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Tonkatsu curry bento, $15.

Image: Alice Levitt

Maybe it's memories of the preponderance of Chinese-Japanese fusion places that dotted stretches of my childhood, but I've always had an affection for the often trashy comfort of bento boxes. You know the ones I'm talking about, with one hollow given over to iceberg lettuce in creamy "ginger" dressing and another that sits empty except for a "dessert" of a single, not-quite-ripe orange segment. The protein is probably teriyaki of some sort, served with a few rounds of unnaturally colored California roll. In combination, those elements have the ability to set fire to my dopamine receptors like no drug can.

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Oekakiben are very important, especially when they contain curry.

Image: Shutterstock

And my feelings are just as powerful for authentic Japanese bentos, more likely to center around a hamachi kama, perhaps, than steak in sugar sauce, but no less lovable with its chunks of cured salmon belly and passels of pickles. Then, of course, there's the entire sub-genre of oekakiben, the kawaii picture bentos that fill my Instagram feed... I'd better stop before I go all Bubba Gump on you.

But it's been a struggle to find a bento in Houston that truly spoke to me. Last week, a box of katsu curry at Soma Sushi did just that. I'm always prepared for a bento to be a sizable meal, perhaps enough for two installments, but Soma surprised me when my server brought good-sized bowls of both miso soup and salad in advance of the box. The soup wasn't so different from the average, if a bit more intensely flavored, but the Soma Salad was many rungs above the iceberg in slightly ginger-flavored cream. Did I enjoy it more? I'm still not sure, but I certainly appreciated the mixed greens in ginger-miso dressing (a grown-up version of my childhood fave) with red-onion-wine jam and cashews.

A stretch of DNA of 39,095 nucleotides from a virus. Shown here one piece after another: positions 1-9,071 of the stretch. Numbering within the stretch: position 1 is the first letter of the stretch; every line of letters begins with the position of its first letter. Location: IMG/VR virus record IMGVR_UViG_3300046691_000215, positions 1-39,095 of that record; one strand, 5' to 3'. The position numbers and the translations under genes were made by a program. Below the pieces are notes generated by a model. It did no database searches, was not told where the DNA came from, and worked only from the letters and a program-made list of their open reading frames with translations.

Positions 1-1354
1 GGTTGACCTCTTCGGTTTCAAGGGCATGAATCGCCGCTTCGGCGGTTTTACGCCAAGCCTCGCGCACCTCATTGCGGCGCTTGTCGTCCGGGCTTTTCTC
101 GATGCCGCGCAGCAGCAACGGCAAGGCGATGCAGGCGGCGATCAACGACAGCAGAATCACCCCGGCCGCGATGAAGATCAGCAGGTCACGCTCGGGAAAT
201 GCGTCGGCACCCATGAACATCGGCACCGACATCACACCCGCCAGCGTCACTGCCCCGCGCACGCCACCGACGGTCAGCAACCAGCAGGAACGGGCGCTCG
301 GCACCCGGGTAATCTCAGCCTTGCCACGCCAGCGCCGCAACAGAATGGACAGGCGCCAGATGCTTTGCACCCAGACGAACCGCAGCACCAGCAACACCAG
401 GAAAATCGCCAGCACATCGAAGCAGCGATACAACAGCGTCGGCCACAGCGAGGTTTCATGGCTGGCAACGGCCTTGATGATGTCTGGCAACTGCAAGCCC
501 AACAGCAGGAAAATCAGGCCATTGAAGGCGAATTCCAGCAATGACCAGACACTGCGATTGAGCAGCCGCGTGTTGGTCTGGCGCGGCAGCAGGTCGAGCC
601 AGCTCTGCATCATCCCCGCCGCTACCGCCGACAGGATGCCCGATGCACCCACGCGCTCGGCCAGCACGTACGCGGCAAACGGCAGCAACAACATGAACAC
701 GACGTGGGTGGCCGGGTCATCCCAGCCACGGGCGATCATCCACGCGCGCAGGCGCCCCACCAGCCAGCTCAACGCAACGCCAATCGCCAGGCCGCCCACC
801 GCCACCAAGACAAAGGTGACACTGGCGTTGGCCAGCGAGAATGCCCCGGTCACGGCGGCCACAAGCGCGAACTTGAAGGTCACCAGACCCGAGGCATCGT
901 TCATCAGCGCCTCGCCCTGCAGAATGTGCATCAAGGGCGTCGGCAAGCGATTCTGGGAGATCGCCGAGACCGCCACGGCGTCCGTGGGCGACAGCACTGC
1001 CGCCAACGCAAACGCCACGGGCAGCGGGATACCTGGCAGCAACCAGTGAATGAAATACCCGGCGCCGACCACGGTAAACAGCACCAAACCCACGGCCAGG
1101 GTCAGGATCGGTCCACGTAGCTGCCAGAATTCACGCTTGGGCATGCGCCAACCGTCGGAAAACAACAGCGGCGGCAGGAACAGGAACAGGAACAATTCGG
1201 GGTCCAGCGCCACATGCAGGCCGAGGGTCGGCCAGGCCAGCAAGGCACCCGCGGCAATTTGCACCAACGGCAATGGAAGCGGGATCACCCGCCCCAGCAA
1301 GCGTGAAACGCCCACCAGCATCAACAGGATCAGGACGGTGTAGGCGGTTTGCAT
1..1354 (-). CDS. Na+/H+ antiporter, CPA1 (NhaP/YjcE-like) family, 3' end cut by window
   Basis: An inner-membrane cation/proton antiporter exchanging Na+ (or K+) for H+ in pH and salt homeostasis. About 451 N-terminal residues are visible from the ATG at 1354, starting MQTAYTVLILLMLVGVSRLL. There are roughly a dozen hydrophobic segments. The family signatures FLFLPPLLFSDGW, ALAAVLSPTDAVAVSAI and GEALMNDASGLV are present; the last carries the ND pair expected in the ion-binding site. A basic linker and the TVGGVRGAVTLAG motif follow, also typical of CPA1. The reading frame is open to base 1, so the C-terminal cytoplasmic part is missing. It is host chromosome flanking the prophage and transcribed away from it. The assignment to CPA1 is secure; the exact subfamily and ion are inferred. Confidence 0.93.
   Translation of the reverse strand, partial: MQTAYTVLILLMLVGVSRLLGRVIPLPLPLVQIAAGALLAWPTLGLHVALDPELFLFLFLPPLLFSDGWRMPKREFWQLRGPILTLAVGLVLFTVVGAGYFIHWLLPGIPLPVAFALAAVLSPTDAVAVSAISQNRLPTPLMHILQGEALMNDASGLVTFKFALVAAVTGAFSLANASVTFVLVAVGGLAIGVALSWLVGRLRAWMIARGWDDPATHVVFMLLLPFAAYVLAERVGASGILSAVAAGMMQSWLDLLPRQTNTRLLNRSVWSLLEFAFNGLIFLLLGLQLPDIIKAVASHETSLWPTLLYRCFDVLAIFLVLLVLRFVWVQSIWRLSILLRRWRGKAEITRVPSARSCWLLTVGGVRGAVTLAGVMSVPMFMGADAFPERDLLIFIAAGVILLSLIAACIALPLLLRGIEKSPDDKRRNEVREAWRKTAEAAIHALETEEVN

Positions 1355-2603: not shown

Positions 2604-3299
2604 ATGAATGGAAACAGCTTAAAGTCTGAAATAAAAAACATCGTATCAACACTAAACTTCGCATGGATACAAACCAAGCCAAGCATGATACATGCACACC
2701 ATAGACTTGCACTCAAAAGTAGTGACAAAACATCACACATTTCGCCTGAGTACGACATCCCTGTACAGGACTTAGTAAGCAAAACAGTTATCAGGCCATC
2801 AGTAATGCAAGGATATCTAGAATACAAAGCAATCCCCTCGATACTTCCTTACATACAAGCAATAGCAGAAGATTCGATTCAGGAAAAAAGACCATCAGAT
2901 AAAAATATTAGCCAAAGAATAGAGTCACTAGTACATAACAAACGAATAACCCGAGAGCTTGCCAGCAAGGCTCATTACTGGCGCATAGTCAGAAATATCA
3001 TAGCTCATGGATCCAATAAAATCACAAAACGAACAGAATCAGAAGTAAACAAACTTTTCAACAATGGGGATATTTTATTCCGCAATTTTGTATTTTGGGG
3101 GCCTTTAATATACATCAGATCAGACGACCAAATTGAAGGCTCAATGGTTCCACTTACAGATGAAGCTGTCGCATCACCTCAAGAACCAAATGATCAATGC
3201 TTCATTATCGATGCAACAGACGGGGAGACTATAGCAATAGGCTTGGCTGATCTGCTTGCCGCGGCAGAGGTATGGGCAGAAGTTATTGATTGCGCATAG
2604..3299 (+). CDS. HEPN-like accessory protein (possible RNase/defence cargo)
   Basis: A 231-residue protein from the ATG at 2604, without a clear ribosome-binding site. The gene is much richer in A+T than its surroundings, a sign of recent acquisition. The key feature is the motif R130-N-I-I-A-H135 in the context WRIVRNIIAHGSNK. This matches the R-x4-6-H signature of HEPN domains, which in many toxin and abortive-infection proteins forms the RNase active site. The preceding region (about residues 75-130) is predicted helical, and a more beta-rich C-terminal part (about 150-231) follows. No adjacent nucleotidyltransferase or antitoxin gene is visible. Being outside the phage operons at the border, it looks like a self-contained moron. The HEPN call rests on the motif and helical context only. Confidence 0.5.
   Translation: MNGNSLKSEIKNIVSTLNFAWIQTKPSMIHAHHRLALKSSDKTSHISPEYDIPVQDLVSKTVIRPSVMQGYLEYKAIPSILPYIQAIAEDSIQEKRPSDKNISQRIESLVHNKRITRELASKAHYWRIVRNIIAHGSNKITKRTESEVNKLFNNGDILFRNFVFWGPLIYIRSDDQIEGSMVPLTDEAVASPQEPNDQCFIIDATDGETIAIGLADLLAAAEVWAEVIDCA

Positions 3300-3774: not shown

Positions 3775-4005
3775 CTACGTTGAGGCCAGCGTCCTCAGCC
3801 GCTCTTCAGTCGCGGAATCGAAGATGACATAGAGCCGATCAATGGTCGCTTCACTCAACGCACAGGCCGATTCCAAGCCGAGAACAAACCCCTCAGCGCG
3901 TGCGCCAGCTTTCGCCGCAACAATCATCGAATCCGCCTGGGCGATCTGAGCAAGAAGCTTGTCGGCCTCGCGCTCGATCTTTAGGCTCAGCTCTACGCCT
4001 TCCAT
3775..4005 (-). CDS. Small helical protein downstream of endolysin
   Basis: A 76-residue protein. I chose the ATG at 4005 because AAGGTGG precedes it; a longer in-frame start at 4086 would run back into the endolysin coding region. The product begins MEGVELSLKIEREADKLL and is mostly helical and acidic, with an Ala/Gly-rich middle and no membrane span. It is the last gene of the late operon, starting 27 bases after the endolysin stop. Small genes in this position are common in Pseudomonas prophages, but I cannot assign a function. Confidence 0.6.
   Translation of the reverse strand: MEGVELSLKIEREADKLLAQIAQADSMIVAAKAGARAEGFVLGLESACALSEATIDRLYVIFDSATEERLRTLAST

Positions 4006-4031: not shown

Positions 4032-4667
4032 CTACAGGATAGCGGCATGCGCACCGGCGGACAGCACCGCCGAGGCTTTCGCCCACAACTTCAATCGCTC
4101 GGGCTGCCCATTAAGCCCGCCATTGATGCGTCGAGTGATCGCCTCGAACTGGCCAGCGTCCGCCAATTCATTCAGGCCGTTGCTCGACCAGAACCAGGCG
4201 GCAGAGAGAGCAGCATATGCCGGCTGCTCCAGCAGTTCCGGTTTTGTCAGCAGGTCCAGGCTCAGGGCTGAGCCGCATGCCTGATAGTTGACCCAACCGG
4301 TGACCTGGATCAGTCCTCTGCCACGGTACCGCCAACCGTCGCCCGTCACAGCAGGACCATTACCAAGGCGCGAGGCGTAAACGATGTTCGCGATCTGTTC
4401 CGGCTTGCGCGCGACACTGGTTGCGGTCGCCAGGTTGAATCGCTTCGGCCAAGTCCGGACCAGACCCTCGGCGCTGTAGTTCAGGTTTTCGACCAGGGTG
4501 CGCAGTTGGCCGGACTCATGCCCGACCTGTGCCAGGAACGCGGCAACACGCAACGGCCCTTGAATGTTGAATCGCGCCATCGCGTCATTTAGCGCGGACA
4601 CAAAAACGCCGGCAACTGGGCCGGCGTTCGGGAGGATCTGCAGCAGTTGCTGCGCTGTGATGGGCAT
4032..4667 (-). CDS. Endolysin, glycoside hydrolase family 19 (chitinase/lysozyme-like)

I've often stated the admittedly nerdy opinion (as if it's not nerdy enough to have an opinion on the matter at all) that Japanese curry is the pinnacle of the country's western-style yōshoku cuisine, given its journey from India to England, then back to Asia again in an entirely new land. So gloriously complicated.

OK, I also love it because it's basically just roux-thickened gravy with curry powder in it. At Soma, the curry is slightly hotter than usual (a good thing) and speckled with peas and tiny cubes of carrot. It's spooned over a juicy katsu-fried pork chop. My sole wish would have been for more sauce, enough to soak into the rice below.

But I was able to occupy myself with the other components: nicely constructed slices of spicy tuna roll, sesame-soaked seaweed salad, lightly sweet agedashi tofu covered with tendrils of bonito flakes in perpetual motion, and fukujinzuke, the candy-red pickles typically served with curry. But the nicest surprise of all was the replacement for the sad orange segment. A thick vanilla crème brûlée with an ethereally glassy top was not a bad sub at all. If only the dessert had been orange flavored...

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